It has strong antiseptic properties, and has been used in "smudging" ceremonies for centuries for this reason. Indigenous American people still use it in rooms where people have been sick to cleanse the air.

In perfumery, Cedar is a base note. It is used to hold and support other, more colourful mid notes, and tends to take a background role in the overall scent. Which doesn't make it any less important! It has a drier, more masculine and elegant feel to it than many other base notes such as patchouli or sandalwood, which makes it an excellent choice for mens colognes. It is a true woody scent, with pencil shaving graphite like notes that give it a cool, earthy touch. I used it "Pan" to capture exactly that sense of forest, of earthiness and nature...Depending on the kind of cedar, you will also get some balsamic, fruity notes to it that are most prominent in red cedar.If you are looking for a real "woody" scent, cedar is your man.

First of all, I've got a collection of oils from  
the Essential Oil Company

Incense Cedar
This stuff is pretty awesome! If you like cedar, , you will LOVE this! It's like cedar crossed with frankincense! Seriously! It has a deliciously warm incense note to it coupled with a fresh green note that makes it really lovely!

Western Juniper
This essential oil has the same woody, pencil graphite quality to it that atlas cedar does to me, coupled with a light touch of the fruity herbal eukalypt quality you get from the actual juniper berry essential oil. It has a mid to top note quality to it.

Douglas Fir
This is an interesting one. I have a variety of fir essential oils, and love and use them a lot. Douglas fir is rather different. It is a warmer scent, with woodier qualities, that to my nose, make it closer to red cedar in scent than actual fir essential oil. I'm wondering if this is made from the wood rather than the needles? It's a strange scent, that catches just a tad at the back of my throat and also goes straight to my head. It says it's distilled by the Guerilla Distiller, Robert Seidel himself....which brings up fascinating images of a wild scent fanatic, carting his precious destilling aparatus through the Canadian Wilderniss in search of raw materials, camping out under the stars watching the drops drip into the copper flask....probably not quite as romatic, but it certainly adds to the scent for me, grin!

Palo Santo
Now this little oil is something that I'm sure many of the people out there with shamanic leanings will be delighted to hear of! Palo Santo is known as an incense wood. The name itself means "Sacred Wood" and it is used by shamans in South America for blessings and healing ceremonies of all's smoke is deep and mesmerizing and truly magical, so I was very excited to hear that someone was making an essential oil version!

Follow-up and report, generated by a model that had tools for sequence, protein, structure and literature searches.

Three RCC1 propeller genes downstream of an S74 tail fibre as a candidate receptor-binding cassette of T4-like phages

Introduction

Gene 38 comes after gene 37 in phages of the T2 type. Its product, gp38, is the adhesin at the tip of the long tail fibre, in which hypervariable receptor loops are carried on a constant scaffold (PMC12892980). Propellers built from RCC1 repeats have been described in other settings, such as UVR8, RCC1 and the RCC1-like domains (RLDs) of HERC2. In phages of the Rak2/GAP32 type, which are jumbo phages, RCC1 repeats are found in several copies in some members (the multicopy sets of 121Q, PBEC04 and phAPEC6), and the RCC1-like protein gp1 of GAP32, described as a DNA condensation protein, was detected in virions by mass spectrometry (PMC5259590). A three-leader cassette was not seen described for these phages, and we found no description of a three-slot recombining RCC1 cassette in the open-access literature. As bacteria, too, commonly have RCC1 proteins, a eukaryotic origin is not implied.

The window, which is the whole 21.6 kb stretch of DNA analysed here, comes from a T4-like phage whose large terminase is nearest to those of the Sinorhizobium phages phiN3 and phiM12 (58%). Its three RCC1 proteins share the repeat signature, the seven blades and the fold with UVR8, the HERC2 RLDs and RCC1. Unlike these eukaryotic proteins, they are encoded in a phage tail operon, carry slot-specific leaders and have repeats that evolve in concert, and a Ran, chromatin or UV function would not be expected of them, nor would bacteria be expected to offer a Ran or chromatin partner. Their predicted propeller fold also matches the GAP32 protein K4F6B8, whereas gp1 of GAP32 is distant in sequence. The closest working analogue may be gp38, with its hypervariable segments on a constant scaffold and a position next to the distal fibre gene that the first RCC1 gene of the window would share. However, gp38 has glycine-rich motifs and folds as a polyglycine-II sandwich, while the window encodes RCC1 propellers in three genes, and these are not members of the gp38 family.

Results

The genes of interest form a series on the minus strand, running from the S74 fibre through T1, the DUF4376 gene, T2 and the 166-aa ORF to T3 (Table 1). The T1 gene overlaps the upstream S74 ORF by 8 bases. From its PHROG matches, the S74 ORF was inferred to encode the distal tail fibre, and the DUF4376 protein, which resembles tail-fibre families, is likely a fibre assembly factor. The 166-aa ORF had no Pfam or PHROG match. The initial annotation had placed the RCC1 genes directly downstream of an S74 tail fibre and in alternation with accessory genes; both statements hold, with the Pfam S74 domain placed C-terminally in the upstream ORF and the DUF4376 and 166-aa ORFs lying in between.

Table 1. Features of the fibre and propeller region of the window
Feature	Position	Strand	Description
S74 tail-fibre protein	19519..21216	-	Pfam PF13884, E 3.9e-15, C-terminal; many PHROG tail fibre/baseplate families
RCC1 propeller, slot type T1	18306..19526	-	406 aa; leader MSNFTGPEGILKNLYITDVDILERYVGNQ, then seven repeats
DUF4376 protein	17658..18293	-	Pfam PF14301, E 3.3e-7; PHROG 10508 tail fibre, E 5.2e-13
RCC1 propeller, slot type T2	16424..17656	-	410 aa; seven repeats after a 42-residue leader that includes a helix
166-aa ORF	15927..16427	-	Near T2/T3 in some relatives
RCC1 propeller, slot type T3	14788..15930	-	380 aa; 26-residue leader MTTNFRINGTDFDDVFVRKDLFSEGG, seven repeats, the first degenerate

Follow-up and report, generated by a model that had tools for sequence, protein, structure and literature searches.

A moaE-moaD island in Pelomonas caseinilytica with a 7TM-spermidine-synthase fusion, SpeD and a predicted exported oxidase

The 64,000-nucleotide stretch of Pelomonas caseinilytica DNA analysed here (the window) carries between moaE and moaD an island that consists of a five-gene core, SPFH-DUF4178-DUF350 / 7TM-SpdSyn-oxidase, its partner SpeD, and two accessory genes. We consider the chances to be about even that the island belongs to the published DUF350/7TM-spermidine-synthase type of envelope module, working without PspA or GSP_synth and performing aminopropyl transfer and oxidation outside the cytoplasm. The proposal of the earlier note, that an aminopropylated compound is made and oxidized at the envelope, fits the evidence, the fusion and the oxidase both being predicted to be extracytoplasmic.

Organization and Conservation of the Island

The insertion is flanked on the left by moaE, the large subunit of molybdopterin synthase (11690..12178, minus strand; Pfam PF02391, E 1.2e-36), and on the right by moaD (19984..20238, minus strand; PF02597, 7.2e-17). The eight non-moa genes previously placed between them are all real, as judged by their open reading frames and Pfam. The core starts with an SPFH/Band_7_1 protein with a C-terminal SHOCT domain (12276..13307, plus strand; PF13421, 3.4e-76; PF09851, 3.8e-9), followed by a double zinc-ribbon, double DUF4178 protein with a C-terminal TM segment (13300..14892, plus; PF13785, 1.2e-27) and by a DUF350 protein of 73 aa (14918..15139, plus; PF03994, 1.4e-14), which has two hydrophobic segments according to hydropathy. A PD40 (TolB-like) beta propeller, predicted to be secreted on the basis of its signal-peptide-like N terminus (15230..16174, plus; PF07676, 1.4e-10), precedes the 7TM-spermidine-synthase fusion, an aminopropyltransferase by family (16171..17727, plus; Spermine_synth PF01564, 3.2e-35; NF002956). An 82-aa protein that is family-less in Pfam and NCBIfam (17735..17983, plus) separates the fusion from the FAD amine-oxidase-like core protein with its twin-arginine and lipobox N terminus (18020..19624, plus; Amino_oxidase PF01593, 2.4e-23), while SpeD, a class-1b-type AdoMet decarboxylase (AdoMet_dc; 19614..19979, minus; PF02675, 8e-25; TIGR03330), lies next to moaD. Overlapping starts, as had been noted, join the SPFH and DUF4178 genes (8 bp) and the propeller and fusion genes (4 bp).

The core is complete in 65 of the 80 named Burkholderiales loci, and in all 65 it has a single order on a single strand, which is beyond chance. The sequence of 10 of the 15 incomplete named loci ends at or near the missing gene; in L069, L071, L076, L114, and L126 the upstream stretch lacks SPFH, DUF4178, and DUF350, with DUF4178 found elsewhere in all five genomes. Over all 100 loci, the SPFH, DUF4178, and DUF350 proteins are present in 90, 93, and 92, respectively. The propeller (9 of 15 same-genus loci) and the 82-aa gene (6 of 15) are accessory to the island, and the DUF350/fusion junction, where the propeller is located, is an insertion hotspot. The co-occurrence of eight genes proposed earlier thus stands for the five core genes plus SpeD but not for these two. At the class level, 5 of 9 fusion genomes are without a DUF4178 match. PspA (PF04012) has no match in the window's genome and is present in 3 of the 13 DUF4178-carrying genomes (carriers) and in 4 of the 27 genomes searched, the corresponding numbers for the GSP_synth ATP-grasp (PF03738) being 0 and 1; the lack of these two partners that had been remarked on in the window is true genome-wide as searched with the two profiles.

The oil is a bit of a different animal to the incense wood. It is as you would expect, far lighter and more volatile, and also a lot more intense!
My first whiff made my head spin...and I had to go out of the room for a while to let my senses clear!
Going back to it and sniffing more gingerly from the lid, held at a respectful distance, oh buy, that's potent stuff! It has so many layers to it that it's hard to describe as a is definitely an incense scent, but not easily has juniper berry qualities to it, but with deeper franincense touches to it....I have no idea what I would do with it in a perfume...I think I'll have to dilute it WAAAAY down and then play with it for a bit...I get the feeling it would proably dance well with rose in the mid notes...and it definitely has some heavy aromatherapy potential.....

The next ones are from a company called  Northwest Aromatics that have just recently entered the essential oil arean. They are making use of the waste wood and shavings produced from harvesting the trees of the Pacific North West and their advertising is very cool to look at and read. (They've also pinched the seriously cool bottle layout page that was originally thought up by "I hate Perfume", but hey, who hasn't wanted to? I certainly did!)
The samples came in a very decorative box, accompnied by a colourful heavyweight ringbound brochure outlining their company and their futre projects. Someone has put a lot of money into their advertising and it's quite impressive! (And boy, do I wish I had the cash to employ their PR team for my perfumery!)
Inside are three 10ml bottles of oil.

 Nootka tree oil
Nootka trees it seems, are used for many of the sacred indigenous carvings.  The brochure speaks of a "sandalwood effect, with smokey, patchouli vetiver and earthy tones"
Me, I get pencil shavings in the "medium pressure" distilled version. Quiet, elegant wood with graphite overtones. In fact elegant wood is a good way of summing it up!
The low pressure version is very different. Here it becomes almost herbal. I get a destinct sense of thyme in the wood here! The scent os far deeper and more alive somehow...herbal wood?

  Giant Arborvitae oil
I've always loved redwood me they are one of the most fatherly of trees, warm and just want to snuggle up to them and stay there forever, safe and at home...
The company again has a lovely sounding desription for it:
"Almond. Add spicy, cumin, pepper and nutmeg notes. Now add a limey scent. And now, woody and wormwood notes."
My own take on it is a bit different. I suppose it's a bit like wine tasting. If you start out with the premis that all of the oils smell like cedar in that they have the same basic dry, earthy woodiness to them, then yes, you can indeed detect vannilla like and cummin like tones to this oil. It's certainly one of the prettiest cedar oils I've come accross so far, and in that, reflects the gentle strength of the trees themselves.

It's really fascinating seeing more and more new essential oils come into the market, as the interest in natural scents and aromatherapy grows! 
It's been a delight sniffing so many new variations on an oil I've been playing with for over 20 years...and I hope you've enjoyed reading about them too!
I'd be very interested to hear of others takes on these oils too if you've sampled them yourself!